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Fairest Paperback – July 24, 2012


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Product Details

  • Age Range: 8 - 12 years
  • Grade Level: 3 - 7
  • Paperback: 352 pages
  • Publisher: HarperCollins; Reprint edition (July 24, 2012)
  • Language: English
  • ISBN-10: 0060734108
  • ISBN-13: 978-0060734107
  • Product Dimensions: 7.7 x 5.1 x 0.8 inches
  • Shipping Weight: 8.5 ounces (View shipping rates and policies)
  • Average Customer Review: 4.1 out of 5 stars  See all reviews (176 customer reviews)
  • Amazon Best Sellers Rank: #71,521 in Books (See Top 100 in Books)

Editorial Reviews

From School Library Journal

Starred Review. Grade 6 Up–In a world in which elegance, beauty, and singing ability are revered, Aza is bulky, awkward, and homely. Her saving grace is that she can sing and has a gift of voice manipulation that she calls illusing. Through a chance meeting at her familys inn, a duchess invites Aza to act as her companion and accompany her to the palace to attend the kings wedding. When the beautiful new queen discovers Azas gift for throwing her voice and for mimicry, she sees a way of protecting her reputation and disguising her own lack of talent. Pressured by the womans threats upon her family, Aza deceives the court into believing that Ivi is a gifted singer. When the ruse is discovered, Aza is forced to flee the castle in order to save her life. Through her adventures, she discovers her own strength of character, learns about her true heritage, and decides that her physical appearance is not worthy of the stress and worry she has wasted on it. The plot is fast-paced, and Azas growth and maturity are well crafted and believable. Readers will enjoy the fairy-tale setting while identifying with the real-life problems of living in an appearance-obsessed society. A distinguished addition to any collection.–Melissa Christy Buron, Epps Island Elementary, Houston, TX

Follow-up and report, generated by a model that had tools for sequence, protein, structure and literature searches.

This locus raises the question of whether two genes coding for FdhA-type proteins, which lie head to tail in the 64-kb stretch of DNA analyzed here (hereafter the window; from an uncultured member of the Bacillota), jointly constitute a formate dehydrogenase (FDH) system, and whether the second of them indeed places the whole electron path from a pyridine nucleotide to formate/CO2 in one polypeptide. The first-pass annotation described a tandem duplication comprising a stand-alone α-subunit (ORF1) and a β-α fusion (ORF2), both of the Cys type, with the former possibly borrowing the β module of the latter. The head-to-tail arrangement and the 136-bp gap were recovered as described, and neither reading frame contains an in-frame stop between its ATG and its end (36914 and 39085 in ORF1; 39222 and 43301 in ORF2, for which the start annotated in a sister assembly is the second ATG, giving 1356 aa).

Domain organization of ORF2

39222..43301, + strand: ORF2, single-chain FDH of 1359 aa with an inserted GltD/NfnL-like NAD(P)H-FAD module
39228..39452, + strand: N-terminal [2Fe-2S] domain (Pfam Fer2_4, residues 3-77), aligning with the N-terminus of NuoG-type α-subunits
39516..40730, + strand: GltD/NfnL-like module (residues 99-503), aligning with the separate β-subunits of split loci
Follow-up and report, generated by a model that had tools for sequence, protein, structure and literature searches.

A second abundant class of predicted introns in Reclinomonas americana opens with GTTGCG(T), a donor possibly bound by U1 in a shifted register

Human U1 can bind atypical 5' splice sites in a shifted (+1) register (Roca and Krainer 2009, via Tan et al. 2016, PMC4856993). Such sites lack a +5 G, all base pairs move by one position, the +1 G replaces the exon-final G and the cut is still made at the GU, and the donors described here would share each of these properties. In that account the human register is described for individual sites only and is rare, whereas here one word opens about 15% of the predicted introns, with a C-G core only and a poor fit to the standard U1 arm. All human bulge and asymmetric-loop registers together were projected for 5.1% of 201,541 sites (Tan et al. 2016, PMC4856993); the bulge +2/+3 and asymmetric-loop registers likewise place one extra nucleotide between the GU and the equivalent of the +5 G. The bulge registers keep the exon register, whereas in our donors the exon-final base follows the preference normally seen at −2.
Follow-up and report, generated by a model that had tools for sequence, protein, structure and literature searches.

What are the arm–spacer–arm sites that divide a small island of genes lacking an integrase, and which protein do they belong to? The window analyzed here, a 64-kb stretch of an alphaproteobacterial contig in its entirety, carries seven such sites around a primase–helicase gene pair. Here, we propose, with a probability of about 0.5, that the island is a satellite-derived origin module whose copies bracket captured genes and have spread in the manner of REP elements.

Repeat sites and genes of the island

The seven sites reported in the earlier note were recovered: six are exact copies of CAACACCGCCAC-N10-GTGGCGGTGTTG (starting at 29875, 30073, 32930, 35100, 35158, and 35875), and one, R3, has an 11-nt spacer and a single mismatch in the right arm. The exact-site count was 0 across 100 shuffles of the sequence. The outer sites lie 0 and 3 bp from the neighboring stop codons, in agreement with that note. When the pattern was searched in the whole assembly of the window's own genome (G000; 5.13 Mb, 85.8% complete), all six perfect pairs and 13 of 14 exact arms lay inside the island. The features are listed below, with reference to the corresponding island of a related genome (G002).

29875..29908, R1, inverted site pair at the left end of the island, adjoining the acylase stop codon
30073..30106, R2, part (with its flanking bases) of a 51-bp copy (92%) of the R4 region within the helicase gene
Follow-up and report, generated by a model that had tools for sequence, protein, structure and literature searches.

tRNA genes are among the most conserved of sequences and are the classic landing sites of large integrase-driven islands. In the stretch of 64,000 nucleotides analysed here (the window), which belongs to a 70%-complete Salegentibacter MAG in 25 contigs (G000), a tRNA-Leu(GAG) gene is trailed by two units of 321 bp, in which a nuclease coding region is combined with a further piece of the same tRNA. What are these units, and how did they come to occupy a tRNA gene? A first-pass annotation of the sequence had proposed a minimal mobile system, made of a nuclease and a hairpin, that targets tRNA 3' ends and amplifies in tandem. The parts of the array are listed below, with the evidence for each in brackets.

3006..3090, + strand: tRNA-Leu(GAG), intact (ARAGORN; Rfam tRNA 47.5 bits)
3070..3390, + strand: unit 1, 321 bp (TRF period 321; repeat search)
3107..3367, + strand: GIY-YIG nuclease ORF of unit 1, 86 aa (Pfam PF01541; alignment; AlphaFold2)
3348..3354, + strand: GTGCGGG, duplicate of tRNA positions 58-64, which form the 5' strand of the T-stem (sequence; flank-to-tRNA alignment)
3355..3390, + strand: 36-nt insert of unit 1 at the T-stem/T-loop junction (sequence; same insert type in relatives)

Copyright © Reed Business Information, a division of Reed Elsevier Inc. All rights reserved. --This text refers to an out of print or unavailable edition of this title.

From Booklist

*Starred Review* Gr. 7-10. Larger than most humans in Ayortha, 15-year-old Aza feels like "an ugly ox . . . a blemish." But in a kingdom devoted to song, Aza's voice is more beautiful and powerful than most; she can mimic any voice and throw the sound. At the king's wedding, Aza is blackmailed by the new queen, a poor singer, into a Cyrano de Bergerac arrangement: when the queen sings in public, Aza secretly provides the sound. As the queen's treachery deepens, Aza is astonished when the handsome prince initiates a friendship. In subtle details, Levine slowly reveals that the roots of the richly imagined story are cleverly tangled in the fairy tale "Sleeping Beauty." The telling, in Aza's voice, is sophisticated, and readers may initially feel like foreign travelers who lack cultural context. But once connections become clear, they'll sink into the fairy-tale romance, the remarkable characters, and the wild, magical adventures. They will also recognize the questions about self-image and moral choices and experience the vicarious, heart-pounding thrill when Aza discovers love and confidence: "I strode away, feeling a thousand feet tall, and glad to be for the first time in my life. Kisses were better than potions." For a slightly older audience than Levine's Ella Enchanted (1997), this book makes a natural partner to Donna Jo Napoli's fractured fairy-tale novels, such as Beast (2000). Gillian Engberg